Your Life, Your Music
"If you don't live it, it won't come out your horn."
— Charlie Parker
The converse to this Parker quote is that if it comes out your horn, it’s because you lived it.
I’ve been thinking a lot about bias these days. Looking into my own biases and parsing out where, exactly, the playing of my horn is exposing those dark areas of things I cannot get behind no matter how many strident, angry voices tell me to.
What comes out of my horn for some time in recent history is predicated by my experience, thus the quote.
I have a true disdain for the public shaming, call out culture because a few years ago I was subjected to it. I unfriended someone (on fucking Faceborg) and that lead to public cries that I was a racist bully. I was not, nor am I, a racist bully so, of course, my bias tends to see any accusation of such with more skepticism.
I have a bit of a side eye when it comes to accusations of sexual impropriety because, again, many years ago, I was wrongfully accused of it. Luckily for me, the accuser recanted the very next day as her claims were quickly disproven but the hysteria and intentionally gullibility of those in power to fire me were such that the experience produced a significant battle scar. Mind you, this was decades before #MeToo.
Also, I’ve had a rough history with drugs and booze, had sex before puberty by a much older girl who was supposed to be babysitting me, was bullied relentlessly growing up because I was the outsider new kid everywhere, grew up poor, blah de fucking blah blah blah.
You know what? No one cares. Even if I weren't the avatar of all that is evil in the world (a straight, middle-aged white guy) no one would really care. They're all concerned about themselves.
You know what else? I’m completely fine with that. My shit is mine to deal with and that's the only choice I have so I do.
We all have scars and baggage and bad memories and shit that happened to us that wasn’t fair or consented to or deserved. I wonder why, after having a grown woman who worked and works as a social justice activist for death row inmates who were wrongfully accused, wrongfully accused me of assault to two police officers, I didn’t abandon all good will to women. Or to 40-year old Asian women. Or to 40-year-old Asian women who work in prisons.
Then I remember — I’m an adult. I have learned to cope with my emotional scars in such a way that prevents me from becoming a monstrous fuckhole hellbent on hating those I may have a bias against for anecdotal reasons.
I wonder why, after having been robbed on the streets of Chicago three times in 30 years (once at gunpoint) all by young, black men, I don’t categorize all young black men as violent thieves.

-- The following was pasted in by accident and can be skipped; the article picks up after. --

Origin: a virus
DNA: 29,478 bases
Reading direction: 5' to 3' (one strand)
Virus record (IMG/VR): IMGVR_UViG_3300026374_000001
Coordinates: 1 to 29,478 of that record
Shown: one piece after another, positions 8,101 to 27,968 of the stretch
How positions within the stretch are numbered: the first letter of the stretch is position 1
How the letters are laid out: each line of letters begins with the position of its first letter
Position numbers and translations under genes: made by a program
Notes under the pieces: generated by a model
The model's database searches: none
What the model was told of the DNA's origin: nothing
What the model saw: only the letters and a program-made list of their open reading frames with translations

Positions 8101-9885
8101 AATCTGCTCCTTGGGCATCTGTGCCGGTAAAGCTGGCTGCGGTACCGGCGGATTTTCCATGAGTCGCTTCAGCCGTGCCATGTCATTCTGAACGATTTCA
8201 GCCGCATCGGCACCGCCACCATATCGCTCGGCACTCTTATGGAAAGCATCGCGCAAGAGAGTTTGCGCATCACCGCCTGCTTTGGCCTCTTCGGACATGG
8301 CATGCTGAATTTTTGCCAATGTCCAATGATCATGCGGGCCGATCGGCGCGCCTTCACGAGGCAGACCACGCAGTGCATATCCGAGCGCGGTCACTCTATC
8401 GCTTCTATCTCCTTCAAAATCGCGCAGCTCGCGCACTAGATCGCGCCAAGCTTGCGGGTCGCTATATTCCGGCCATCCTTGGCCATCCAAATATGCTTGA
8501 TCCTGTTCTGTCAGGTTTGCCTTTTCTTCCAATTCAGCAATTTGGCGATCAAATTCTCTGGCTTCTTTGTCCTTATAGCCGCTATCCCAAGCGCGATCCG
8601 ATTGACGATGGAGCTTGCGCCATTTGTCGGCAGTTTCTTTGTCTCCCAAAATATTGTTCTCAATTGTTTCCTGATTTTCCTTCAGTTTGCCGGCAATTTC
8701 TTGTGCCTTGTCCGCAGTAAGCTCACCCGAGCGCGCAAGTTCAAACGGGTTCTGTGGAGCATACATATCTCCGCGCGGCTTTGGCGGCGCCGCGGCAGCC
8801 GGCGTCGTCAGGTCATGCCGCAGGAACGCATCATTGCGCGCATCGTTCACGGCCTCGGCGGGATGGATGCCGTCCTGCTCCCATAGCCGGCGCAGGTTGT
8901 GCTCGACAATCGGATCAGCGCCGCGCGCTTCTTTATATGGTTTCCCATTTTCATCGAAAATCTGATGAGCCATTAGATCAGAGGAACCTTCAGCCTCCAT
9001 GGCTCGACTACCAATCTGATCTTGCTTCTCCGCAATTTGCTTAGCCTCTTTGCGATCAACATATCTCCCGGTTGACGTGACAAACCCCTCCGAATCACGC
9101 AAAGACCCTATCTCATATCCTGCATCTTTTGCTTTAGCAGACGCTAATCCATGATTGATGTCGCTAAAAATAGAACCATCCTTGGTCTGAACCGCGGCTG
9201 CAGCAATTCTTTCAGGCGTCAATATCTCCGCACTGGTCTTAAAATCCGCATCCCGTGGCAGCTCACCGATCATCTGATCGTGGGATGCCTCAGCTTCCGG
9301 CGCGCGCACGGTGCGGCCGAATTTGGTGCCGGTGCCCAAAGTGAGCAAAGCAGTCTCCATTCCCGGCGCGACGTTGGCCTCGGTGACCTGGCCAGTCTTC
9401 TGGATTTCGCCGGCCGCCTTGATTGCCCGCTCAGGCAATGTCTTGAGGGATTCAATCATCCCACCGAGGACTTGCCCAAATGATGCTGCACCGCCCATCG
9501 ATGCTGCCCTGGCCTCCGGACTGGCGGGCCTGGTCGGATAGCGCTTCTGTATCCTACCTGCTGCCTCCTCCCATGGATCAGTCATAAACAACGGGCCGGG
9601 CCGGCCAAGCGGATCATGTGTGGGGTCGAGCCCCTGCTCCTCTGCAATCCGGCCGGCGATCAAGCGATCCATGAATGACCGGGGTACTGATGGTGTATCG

Then I remember — I’m a grown person. To assume my personal experiences are indicative of the entire species is the self-centered perspective of a child unwilling to reckon with the fact that, on a hunk of rock with over seven billion people in it, I am not really much of a deal in the grand scheme.
Sure, I could get online and find thousands of people robbed by young, black men and start a hashtag out of need for solidarity but it just means that thousands of people, all using their esoteric realities to fuel their prejudice of an entire group of humans, agreed to coalesce their childish self-involved worldview to create a club.
"If you don't live it, it won't come out your horn."
If the sum total of who we are is the recycling of our wounded souls, our broken hearts, our marginalization, our pain without the added growth from wrestling with them, learning from them, and putting them away, we are all doomed infants destined to keep picking at our scabs, exposing the bleeding, until all we are is the lepers of the world crying for attention.
The active phrase “live it” includes not only experiencing love and loss, joy, and pain. It encapsulates the wisdom derived from living with those things as well. Much of our bias doesn’t come from the ether as if boys were just naturally disposed to being sexist creeps or girls were genetically set in concrete as emotionally charged wrecks. Bias, be it sexual, racial, nationalistic, religious, comes from experiencing these aspects of the world and creating a mental judgment. That creation is the “living it.”
Recognizing that one’s personal experience does not, can not, dictate a more empathetic global perspective of humanity and balancing bias with rationality and humility is “living with it.”
If what comes out of my horn is rage and hatred, I haven’t fully lived anything but the emotional equivalent of a gaping wound that I refuse to let heal. When I hear that sort of jangled, dissonant playing from someone else, I can hear their biases in the tune.
I can hear the scabs being perpetually torn off, the blood flowing fresh yet again. I can hear the weariness in the voice, wondering why things have been so harsh and unfair. The riffs on being harmed by words or actions, the lack of accountability for the victimizers, the bawling yelps of “LISTEN TO ME!” all played out a thousand times before.
It’s a shitty thing to tell someone who has just encountered an emotionally damaging thing to “get over it.” It’s a defeating thing to respond in word and deed that “I won’t get over it.” Defeating because the life of reliving the pain, retelling the injustice over and over — to therapists, to your Faceborg friends, to the guy driving the Uber — is the only music that comes out of the horn.
Understandable though it is to want to change the behavior and music of others, the only music one truly has the power to change is their own.